American MGB Association

North America's oldest, largest and best club for all year MGBs, MGB-GTs and Midgets!!  Established in 1975.

 


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   WELCOME TO THE AMERICAN MGB ASSOCIATION   
for all year MGBs, MGB-GTs and Midgets
Established in 1975


Phone/Text: 773-769-7084
email:
info@mgclub.org


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TECH TIPS

Floor Pan Replacement
this is an excerpt from the articles appearing in the OCTAGON

also see upkeep and performance hints on our message board at board.mgclub.org

Google
 

by Art Isaacs

Replacement metal panels come from a variety of sources and many steer clear of them from a history of poor quality and fit. These days, if the bigger houses like TRF, Moss and V-B are carrying them, chances are they are of good quality. Overall, my preference is always for the BMH (OEM) style replacement as the accuracy of the match points and bolt holes of the pieces is generally worth the extra cost. My experience with hoods (bonnets) in particular temper that opinion. With floor pans, there is so much fitting, cutting and welding necessary, that this may not be the best deciding criteria. Id cross-check the catalogs and ask the tech people at TRF their history with the aftermarket type before purchasing. Ill be posting this on the club site (www.mgclub.org) which you can check and see if anyone else has any experience or strong opinion. Also, talk to your shop about their best method and the costs involved.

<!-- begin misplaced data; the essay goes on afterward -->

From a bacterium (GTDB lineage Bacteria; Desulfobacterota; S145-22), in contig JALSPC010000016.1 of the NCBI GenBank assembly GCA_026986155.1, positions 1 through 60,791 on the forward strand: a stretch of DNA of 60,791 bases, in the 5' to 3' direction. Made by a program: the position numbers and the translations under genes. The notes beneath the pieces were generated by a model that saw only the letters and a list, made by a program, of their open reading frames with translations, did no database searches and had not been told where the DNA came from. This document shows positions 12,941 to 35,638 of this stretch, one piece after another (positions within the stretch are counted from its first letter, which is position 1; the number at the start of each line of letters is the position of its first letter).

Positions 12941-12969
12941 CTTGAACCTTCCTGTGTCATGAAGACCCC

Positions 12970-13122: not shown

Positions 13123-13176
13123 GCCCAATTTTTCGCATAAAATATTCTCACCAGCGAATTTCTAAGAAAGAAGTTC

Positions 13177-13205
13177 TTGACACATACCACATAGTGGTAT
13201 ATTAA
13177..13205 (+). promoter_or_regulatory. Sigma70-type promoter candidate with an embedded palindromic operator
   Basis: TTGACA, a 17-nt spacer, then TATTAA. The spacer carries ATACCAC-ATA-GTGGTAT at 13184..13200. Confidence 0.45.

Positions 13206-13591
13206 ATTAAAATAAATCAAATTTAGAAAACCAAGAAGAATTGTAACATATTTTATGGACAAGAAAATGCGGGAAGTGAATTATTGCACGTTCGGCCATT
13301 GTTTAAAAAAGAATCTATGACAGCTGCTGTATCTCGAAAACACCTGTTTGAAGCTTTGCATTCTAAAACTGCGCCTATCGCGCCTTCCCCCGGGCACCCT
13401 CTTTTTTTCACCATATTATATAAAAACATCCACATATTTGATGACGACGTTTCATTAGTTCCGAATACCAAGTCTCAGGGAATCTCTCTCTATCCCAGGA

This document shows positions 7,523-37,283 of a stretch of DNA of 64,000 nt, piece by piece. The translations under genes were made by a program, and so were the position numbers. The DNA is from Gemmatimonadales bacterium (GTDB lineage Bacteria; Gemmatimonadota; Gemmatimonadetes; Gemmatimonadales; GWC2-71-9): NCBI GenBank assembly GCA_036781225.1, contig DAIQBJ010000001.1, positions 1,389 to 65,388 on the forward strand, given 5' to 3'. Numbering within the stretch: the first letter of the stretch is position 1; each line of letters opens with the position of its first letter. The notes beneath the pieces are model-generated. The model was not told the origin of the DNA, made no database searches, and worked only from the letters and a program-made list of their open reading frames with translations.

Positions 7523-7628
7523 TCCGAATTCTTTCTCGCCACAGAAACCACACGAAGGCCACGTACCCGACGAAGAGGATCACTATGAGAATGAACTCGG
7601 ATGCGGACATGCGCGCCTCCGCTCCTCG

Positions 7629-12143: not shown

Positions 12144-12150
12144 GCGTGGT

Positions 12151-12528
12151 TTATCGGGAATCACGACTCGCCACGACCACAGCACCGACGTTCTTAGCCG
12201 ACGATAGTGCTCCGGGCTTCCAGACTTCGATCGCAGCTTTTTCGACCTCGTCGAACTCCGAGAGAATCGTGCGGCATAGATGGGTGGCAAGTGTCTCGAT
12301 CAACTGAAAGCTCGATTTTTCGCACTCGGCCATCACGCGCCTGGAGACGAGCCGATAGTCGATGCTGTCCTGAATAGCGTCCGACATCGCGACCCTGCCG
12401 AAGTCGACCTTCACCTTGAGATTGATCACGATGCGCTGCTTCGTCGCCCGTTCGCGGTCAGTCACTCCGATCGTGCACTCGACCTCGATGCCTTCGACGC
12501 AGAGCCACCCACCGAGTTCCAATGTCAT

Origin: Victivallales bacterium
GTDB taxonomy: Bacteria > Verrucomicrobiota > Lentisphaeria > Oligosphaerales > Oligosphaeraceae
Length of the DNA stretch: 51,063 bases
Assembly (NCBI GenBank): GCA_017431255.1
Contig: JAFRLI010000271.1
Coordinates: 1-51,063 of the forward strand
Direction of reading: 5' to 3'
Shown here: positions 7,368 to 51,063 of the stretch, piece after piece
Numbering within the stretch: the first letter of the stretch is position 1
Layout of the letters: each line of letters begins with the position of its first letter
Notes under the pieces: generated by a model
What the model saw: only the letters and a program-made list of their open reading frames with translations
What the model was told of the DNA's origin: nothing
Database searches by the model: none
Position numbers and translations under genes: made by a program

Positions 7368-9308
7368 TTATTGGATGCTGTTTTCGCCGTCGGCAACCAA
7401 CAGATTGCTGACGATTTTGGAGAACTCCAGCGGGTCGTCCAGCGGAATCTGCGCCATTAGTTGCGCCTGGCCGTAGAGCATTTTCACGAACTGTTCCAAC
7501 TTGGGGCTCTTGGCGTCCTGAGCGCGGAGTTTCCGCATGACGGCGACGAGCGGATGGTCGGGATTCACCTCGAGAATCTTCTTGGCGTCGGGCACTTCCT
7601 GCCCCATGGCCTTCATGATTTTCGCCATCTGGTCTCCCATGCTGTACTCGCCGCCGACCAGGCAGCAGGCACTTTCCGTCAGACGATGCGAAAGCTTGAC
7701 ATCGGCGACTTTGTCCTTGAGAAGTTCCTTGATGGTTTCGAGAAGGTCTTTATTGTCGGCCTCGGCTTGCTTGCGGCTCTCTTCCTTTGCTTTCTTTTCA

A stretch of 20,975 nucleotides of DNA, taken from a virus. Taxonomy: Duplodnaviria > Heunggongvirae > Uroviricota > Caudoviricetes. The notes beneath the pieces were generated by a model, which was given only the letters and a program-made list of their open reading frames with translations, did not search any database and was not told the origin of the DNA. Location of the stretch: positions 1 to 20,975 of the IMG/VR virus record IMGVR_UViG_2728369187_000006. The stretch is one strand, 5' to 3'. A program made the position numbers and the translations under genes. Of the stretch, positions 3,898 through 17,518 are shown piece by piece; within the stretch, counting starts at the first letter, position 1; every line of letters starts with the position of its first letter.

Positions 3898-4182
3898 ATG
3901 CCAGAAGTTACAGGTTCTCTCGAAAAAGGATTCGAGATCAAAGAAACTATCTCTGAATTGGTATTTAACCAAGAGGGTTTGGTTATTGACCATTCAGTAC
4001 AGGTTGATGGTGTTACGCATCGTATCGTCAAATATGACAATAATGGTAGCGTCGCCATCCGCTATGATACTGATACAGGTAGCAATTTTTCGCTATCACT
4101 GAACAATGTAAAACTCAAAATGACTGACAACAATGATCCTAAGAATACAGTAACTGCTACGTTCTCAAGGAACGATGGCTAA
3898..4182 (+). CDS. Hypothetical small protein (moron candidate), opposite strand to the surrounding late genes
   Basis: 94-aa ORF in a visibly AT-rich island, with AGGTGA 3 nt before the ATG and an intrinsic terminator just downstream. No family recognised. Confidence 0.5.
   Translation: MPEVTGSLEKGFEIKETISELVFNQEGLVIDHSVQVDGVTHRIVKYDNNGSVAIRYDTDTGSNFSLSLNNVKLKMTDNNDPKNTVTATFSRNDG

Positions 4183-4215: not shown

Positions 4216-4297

As far as the installation goes, the replacement floor pans, whether OEM or aftermarket, are purposely made with oversized flanges to ease installation and maximize the area that can be repaired without getting into the next panel (like the inner sills or battery box area). Your shop might even find it less expensive to replace the entire pan than dealing with creating a new seam across the mid of the floor. As long as you having the work done, it is best to replace as much of the damaged panel as possible. The captive nuts have to be placed where the old ones were or the seats will not fit properly. Though some are punched for the bolt holes, they may not be exactly in the right locations. The new pans can be laid over the old ones in the car and key points marked and measured for more precise placements.


 


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